The locals thought they were under missile attack.

Bits from the falling space-boulder fell from the blast and landed in the countryside surrounding Chelyabinsk, and the more entrepreneurial farmers looked for small holes in the fresh snowfall.

Digging down with frozen hands, they found pebble-sized fragments and quietly sold them to interests outside the country.

By the end of the month, the Russian authorities banned the export of the meteor's fragments — but not before several hundred pounds had already found their ways into the hands of collectors.

One of those collectors worked with ThinkGeek to specially package a few hundred of these fragments specifically for you.

Own a piece of Earth history!

Features and Specifications:

• Dropped from the sky on February 15, 2013

• Authentic fragment of the giant Russian meteor

• Collected and mounted by hand in handsome gift boxes

• 2-to-3 gram piece of the meteor that exploded over Russia

• Collected by hand and exported before the Russian export-ban

• Authenticated 2012 DA14 by Hans Fex of FEXtoys LLC

• Mounted in a handsome collectors box




September 18, 2013 at 04:01 PM | Permalink | Comments (0) | TrackBack

Verdi — Requiem: Dies Irae (Claudio Abbado, Berlin Philharmonic)

YouTube caption: "Fragment of 'Dies Irae' from this DVD."

[via Flautist, who pointed me to it in a comment on yesterday's flash mob opera outburst post. How she has seemingly instantaneous, encyclopedic access to the contents of YouTube — both the sublime and the ridiculous — continues to be among the greatest mysteries extant.]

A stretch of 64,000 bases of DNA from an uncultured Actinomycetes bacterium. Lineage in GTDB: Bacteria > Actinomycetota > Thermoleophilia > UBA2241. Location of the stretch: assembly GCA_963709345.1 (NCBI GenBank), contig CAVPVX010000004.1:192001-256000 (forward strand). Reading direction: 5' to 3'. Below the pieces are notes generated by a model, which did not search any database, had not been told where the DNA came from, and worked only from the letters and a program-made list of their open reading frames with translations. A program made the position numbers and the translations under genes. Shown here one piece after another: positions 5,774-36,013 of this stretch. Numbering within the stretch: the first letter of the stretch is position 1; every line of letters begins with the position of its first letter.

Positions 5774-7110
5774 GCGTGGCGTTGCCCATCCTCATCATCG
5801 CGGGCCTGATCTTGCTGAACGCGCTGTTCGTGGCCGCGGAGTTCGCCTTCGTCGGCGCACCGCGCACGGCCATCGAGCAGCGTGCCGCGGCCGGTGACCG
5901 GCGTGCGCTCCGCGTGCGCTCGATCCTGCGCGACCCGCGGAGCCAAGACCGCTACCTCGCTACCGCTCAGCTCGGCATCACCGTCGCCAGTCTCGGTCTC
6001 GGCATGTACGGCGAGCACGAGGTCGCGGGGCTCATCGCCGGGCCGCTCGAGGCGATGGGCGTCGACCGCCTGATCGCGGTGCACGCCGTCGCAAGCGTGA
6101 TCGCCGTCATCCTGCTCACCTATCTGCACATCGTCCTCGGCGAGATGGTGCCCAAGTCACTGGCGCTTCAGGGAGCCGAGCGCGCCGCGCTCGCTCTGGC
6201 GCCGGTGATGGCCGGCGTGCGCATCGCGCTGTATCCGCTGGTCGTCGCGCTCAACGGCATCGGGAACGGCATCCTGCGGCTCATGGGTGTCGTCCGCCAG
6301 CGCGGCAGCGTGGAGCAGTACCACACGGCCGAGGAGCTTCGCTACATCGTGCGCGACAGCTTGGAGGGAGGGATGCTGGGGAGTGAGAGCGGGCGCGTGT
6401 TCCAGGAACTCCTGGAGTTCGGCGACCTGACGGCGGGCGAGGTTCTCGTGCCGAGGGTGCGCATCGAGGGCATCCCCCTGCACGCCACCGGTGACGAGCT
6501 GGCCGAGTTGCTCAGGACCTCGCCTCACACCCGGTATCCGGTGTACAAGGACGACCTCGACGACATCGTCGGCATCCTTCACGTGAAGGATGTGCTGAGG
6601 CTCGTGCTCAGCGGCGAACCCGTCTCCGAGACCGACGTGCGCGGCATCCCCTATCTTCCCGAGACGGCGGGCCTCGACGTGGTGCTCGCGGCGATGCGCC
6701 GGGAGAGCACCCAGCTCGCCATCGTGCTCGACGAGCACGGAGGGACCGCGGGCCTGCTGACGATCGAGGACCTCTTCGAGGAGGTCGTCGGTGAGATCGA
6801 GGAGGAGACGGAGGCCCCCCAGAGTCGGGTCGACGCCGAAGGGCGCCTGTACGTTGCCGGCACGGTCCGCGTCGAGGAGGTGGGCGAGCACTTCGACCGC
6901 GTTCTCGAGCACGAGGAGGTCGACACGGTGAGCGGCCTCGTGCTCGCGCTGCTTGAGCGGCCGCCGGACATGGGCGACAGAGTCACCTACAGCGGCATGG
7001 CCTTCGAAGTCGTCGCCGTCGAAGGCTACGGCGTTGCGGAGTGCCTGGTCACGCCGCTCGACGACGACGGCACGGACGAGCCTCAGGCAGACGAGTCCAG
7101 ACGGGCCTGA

September 18, 2013 at 12:01 PM | Permalink | Comments (0) | TrackBack

Mini-Funnels — Where were these when my amphetamine dealer roommate needed them at UCLA in 1967?


He would sit at his built-in desk opposite my side of our little Rieber Hall dorm room all night long, fueled by his own wares, his lamp directed down at his scales, bags, tweezers, labels, calculator, and ledger, measuring and weighing and bagging his wares.

Me, I had zero interest, though he offered me whatever I wanted free, 100% pure.

Diff'rent strokes.

But I digress.

From the funnel website:


Funnel Set Sized Just Right for Smaller Tasks

Ordinary funnels just won't fit the necks of bottles, spice jars, or other containers with narrow openings.

You’ll be glad to have these handy helpers when it's time to fill containers with seasonings, oil, vinegar, salad dressing, and more.

Set of 3 nesting stainless steel mini-funnels with 1/8", 3/8", 1/2" spouts.



September 18, 2013 at 08:01 AM | Permalink | Comments (0) | TrackBack

Catme 13/Glass Effect 73: The Zen of Gray Cat — through Google Glass (video)

Watch and learn.

September 18, 2013 at 04:01 AM | Permalink | Comments (0) | TrackBack

What is it?


Answer here this time tomorrow.

Hint: believe it or not, just about the size of a bread box.

Another: not meant to be placed in a bread box.

A third: not part of any religious rite.

September 18, 2013 at 12:01 AM | Permalink | Comments (13) | TrackBack